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United States v Uruguay

Progress remains hard to come by for Berhalter's USMNT

03:11 BST 11/09/2019
Josh Sargent Gregg Berhalter USMNT USA 2019
Tuesday's draw wasn't exactly a step forward or backwards and, with this current group, tangible progress is still a ways away

Progress often isn't linear, especially in the international game. Players go in and out as coaches shuffle and shuffle again. The nature of the international game is disjointed, as even the best teams are forced to adapt, adapt more and then adapt again each and every time they get together. 

For the past several months, that's been the U.S. men's national team's big goal: progress. It hasn't necessarily been wins or goals or anything of that nature, but rather a tangible step forward and a clearer picture of what this program is becoming and how it's getting there. 

After a 3-0 drubbing at the hands of Mexico, Tuesday's 1-1 draw with Uruguay seems like a step forward. The U.S. went toe-to-toe with a talented South American team, albeit one without the likes of Luis Suarez and Edinson Cavani in the squad. In some ways, that's progress, but if Tuesday's performance showed us anything, it's that this U.S. team still has a long, long way to go when it comes to finding and developing quality necessary to truly compete at this level. 

Jordan Morris was the big bright spot on the day. The forward, who is still battling his way back into the picture following last year's ACL tear, scored his first USMNT goal since the 2017 Gold Cup final to seal a late draw. The goal was more comedy than triumph, with the Seattle Sounders star chesting home after a number of deflections in the Uruguay box. It was a deserved goal for Morris, a player that has long been a target for critics and one, like the USMNT, looking to build back from a defining setback.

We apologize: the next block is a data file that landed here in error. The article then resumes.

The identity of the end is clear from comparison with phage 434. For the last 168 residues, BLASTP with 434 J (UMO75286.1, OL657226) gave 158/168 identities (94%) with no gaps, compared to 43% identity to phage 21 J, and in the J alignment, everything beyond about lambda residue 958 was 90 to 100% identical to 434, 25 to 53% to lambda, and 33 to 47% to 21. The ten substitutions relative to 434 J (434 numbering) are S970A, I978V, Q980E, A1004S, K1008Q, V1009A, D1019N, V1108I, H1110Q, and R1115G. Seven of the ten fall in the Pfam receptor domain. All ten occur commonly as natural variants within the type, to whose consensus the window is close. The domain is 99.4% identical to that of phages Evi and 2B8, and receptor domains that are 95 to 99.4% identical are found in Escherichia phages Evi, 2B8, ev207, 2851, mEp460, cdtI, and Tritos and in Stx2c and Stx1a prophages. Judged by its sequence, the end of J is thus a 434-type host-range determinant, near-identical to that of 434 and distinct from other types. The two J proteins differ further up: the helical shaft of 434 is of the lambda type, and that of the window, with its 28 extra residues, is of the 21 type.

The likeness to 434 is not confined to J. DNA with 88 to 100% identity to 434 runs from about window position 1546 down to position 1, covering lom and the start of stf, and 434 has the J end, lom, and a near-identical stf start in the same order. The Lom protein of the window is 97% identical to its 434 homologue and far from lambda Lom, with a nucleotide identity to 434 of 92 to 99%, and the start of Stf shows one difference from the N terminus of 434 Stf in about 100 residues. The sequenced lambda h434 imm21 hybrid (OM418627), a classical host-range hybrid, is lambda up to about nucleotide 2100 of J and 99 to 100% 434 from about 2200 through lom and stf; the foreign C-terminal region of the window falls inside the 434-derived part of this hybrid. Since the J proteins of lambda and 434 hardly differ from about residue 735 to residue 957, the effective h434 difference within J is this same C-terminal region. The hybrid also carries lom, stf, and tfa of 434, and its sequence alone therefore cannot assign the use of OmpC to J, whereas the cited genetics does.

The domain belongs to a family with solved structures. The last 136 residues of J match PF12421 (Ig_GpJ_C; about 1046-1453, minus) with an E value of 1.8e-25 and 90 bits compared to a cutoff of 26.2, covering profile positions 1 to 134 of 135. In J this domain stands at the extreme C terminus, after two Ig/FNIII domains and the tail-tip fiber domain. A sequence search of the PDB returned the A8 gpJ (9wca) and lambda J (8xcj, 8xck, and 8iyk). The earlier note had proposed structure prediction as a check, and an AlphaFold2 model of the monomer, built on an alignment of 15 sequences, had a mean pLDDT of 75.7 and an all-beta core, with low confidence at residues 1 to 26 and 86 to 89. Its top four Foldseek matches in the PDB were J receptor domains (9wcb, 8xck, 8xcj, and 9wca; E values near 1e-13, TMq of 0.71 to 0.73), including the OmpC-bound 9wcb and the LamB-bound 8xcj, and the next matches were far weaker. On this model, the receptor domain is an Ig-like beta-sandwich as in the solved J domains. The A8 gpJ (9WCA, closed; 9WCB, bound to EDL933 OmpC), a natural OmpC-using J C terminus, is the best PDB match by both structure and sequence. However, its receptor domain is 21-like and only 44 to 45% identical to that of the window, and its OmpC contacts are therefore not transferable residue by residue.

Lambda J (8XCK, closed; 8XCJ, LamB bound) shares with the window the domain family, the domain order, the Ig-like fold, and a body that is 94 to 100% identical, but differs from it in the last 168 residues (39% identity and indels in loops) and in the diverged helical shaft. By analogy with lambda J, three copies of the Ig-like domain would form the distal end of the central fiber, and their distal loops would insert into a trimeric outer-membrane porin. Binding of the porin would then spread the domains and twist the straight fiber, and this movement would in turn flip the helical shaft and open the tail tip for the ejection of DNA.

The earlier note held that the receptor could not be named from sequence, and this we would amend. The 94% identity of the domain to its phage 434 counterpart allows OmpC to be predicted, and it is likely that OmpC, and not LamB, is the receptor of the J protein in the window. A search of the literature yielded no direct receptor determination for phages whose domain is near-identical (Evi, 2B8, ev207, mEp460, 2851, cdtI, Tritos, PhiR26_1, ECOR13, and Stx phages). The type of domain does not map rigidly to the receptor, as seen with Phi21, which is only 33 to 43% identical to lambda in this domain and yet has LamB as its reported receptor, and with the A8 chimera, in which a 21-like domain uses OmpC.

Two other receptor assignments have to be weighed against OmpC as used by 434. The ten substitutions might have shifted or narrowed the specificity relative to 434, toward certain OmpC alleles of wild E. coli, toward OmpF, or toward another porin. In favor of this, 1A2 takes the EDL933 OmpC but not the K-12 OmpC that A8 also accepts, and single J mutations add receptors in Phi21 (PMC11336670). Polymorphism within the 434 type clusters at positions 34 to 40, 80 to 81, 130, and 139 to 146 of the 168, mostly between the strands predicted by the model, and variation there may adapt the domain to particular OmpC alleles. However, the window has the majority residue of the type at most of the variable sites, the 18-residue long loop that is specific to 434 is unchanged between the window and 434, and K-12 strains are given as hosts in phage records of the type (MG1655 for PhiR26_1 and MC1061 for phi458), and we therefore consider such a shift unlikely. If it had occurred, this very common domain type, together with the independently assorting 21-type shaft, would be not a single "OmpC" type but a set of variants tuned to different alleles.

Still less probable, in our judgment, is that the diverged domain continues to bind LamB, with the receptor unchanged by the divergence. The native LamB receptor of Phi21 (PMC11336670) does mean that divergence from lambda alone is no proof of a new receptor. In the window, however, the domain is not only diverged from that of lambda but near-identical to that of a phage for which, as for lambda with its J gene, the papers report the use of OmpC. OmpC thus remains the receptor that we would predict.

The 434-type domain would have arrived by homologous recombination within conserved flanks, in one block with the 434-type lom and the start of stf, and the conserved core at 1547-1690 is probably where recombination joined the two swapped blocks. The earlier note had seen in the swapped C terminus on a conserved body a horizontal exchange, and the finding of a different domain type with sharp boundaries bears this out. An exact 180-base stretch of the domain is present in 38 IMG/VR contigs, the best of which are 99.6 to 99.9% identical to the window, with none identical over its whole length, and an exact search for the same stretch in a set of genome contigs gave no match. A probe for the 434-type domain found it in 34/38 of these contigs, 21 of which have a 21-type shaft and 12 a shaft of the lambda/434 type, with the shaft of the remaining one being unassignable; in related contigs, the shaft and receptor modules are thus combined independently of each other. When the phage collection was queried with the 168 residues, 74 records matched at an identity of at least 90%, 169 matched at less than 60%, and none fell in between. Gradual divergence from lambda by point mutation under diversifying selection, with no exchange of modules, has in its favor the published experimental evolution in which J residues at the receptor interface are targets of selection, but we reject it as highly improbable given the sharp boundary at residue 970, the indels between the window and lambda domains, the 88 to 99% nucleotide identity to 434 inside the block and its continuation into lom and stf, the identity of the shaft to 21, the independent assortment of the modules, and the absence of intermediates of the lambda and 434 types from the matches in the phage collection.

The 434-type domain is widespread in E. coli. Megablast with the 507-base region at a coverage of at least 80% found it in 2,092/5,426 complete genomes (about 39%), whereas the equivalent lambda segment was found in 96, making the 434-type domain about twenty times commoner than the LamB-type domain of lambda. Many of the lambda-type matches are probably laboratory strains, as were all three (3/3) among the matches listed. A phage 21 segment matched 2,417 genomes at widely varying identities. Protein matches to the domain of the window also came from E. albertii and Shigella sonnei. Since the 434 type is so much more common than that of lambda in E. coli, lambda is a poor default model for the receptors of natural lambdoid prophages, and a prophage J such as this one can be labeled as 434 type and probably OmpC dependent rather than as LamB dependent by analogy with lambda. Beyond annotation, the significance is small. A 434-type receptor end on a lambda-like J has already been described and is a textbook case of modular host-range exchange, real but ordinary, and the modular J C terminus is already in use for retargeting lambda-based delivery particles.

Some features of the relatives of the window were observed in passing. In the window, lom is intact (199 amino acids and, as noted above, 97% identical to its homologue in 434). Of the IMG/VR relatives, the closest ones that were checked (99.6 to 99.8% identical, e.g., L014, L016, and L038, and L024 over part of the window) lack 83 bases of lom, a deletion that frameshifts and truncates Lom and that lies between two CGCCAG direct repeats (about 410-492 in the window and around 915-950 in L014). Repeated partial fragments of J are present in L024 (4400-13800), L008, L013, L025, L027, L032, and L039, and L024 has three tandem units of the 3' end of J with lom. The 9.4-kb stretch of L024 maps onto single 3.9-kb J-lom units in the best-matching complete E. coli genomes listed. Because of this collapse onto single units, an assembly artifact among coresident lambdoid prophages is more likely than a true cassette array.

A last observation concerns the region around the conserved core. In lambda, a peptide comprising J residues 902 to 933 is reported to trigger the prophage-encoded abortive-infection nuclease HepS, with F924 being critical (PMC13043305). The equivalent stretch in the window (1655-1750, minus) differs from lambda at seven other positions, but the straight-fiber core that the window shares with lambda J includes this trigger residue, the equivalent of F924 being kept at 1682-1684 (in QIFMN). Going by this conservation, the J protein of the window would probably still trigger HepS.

That build isn't a one-day thing, but there were signs that it's something that is slowly but surely coming. The USMNT didn't have any colossal errors playing out of the back like they did against Mexico. That's a step forward. Jackson Yueill looked comfortable enough as the No. 6 in Gregg Berhalter's system, although there's plenty left to do. Aside from Aaron Long, who was skinned on Brian Rodriguez's 50th-minute goal, just about every USMNT player looked better on Tuesday than they did on the end of El Tri's battering. 

Still, the performance left a lot to be desired. Sargent was left largely isolated as the St. Louis native had just 27 touches in his 75 or so minutes. Morris was the lone attacker that truly looked dangerous while the midfielders were solid, but unspectacular. 

That's not to say that the USMNT didn't have their chances. On the contrary, they had quite a few. Tyler Boyd botched what was certainly the best one of the day, with Morris' run down the left side and cross into the middle the best attacking moment of the match. Sargent, meanwhile, should have had another chance to fire from the spot after missing against Mexico as a blatant handball just before halftime was not called. There was a desire to attack and push forward against a Uruguay team all too content to bunker, but the quality simply wasn't there for most of the game. 

And that's the big word at the moment: quality. The USMNT at this current moment just doesn't have the quality or cohesion to play the way Berhalter wants them to play, and that fact becomes more and more clear every time out. This USMNT team isn't ready, and probably won't be for some time. 

Until that point, the focus is progress. It's small wins like Morris' resurgence or Yueill's comfort. It's debuts like Paxton Pomykal, whose hype will continue through the next international break after the FC Dallas midfielder was handed just five minutes to make an impression. It's the hope that players like Christian Pulisic, John Brooks, Tyler Adams and Weston McKennie can stay healthy and grow as the backbone of this team. 

Tuesday's performance wasn't great, but it wasn't bad either and, with this current group, that's really all you can expect or hope for.